Rated: PG-13 for destruction, action and violence. Reviewed by: Matt Release date: October 20, 2017 Released by: Warner Brothers
Geostorm is a film that promises to be a disaster film but in many ways fails to live up to even that small expectation. The film follows Jake Lawson (Gerard Butler), the creator of a satellite system that controls weather patterns. When the satellites start malfunctioning he heads into space in order to figure out what is wrong. Meanwhile his brother Max (Jim Sturgess), who is the current director of the program, uncovers that these malfunctions may not be all that they seem. The two must then work on their fronts to solve the problem before the satellites trigger a world wide storm (aka geostorm) that would wipe out most of the world's population.
When it comes to disaster films I generally expect these films to be thin on plot and heavy on the destruction, similar to previous disaster films like San Andreas and 2012. However, for some reason this film does the exact opposite. The film decides to throw a somewhat competent plot that focuses mainly around a conspiracy theory that offers decent character development for our two main characters. Jake and Max's relationship is the main focus of the film and it tries to carry the film with that, and to an extent it works.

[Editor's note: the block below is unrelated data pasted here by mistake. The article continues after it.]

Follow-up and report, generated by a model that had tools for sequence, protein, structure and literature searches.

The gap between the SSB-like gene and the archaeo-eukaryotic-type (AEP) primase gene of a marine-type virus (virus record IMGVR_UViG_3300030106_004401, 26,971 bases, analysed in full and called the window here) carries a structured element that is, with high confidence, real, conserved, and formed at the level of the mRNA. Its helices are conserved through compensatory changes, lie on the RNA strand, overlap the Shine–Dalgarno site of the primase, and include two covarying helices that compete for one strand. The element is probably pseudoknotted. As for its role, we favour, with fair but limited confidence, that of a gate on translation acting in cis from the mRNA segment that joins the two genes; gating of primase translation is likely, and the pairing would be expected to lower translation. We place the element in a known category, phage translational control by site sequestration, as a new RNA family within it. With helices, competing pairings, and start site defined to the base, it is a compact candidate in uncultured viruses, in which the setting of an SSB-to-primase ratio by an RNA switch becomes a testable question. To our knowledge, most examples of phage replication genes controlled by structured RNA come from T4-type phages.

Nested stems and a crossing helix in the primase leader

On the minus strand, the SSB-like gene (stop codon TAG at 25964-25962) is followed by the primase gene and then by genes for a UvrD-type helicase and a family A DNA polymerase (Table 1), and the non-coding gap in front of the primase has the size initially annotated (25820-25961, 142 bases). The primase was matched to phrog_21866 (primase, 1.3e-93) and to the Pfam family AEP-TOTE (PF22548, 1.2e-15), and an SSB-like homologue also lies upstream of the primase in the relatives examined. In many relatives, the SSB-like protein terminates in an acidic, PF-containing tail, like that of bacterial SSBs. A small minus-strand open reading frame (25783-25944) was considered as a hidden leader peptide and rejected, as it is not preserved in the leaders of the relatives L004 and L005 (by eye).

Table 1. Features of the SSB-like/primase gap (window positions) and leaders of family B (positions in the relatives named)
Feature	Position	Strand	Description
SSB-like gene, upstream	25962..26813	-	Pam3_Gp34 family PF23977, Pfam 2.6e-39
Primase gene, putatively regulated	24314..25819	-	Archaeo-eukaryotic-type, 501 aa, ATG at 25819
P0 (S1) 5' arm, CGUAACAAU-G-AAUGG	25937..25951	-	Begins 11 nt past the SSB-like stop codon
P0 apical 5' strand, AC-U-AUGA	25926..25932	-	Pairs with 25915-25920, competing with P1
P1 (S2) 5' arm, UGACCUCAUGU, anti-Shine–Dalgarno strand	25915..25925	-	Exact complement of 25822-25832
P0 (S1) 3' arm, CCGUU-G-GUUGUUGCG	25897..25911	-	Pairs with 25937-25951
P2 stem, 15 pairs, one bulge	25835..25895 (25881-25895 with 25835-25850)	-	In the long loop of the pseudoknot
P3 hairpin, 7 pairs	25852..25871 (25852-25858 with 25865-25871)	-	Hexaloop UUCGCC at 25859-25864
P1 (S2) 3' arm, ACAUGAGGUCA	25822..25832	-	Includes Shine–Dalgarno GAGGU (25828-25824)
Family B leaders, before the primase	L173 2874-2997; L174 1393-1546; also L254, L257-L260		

Unfortunately for all the effort they tried to put into their plot they just seemed to forget that this was billed as a disaster film and boy does it disappoint on that front. If you've seen any trailers for the film then you have pretty much seen the extent of what the film has to show for destruction. Apart from one scene each "disaster" is more or less 15-30 seconds of people running away from things in the destruction in the distance which is really just plain boring to watch. It's like each scene was only designed to be in a trailer then pieced together to try and look coherent. Not to mention the effects for the destruction just looked bad when comparing it to similar films.
In the end Geostorm is a rather disappointing film to watch. While I will praise the film for trying to create a decent plot driven disaster film, it lost sight of what kind of movie it was. There is a balance to be struck between the two (look at Twister for example) and a good movie could've been had here. But instead this film is just worth skipping.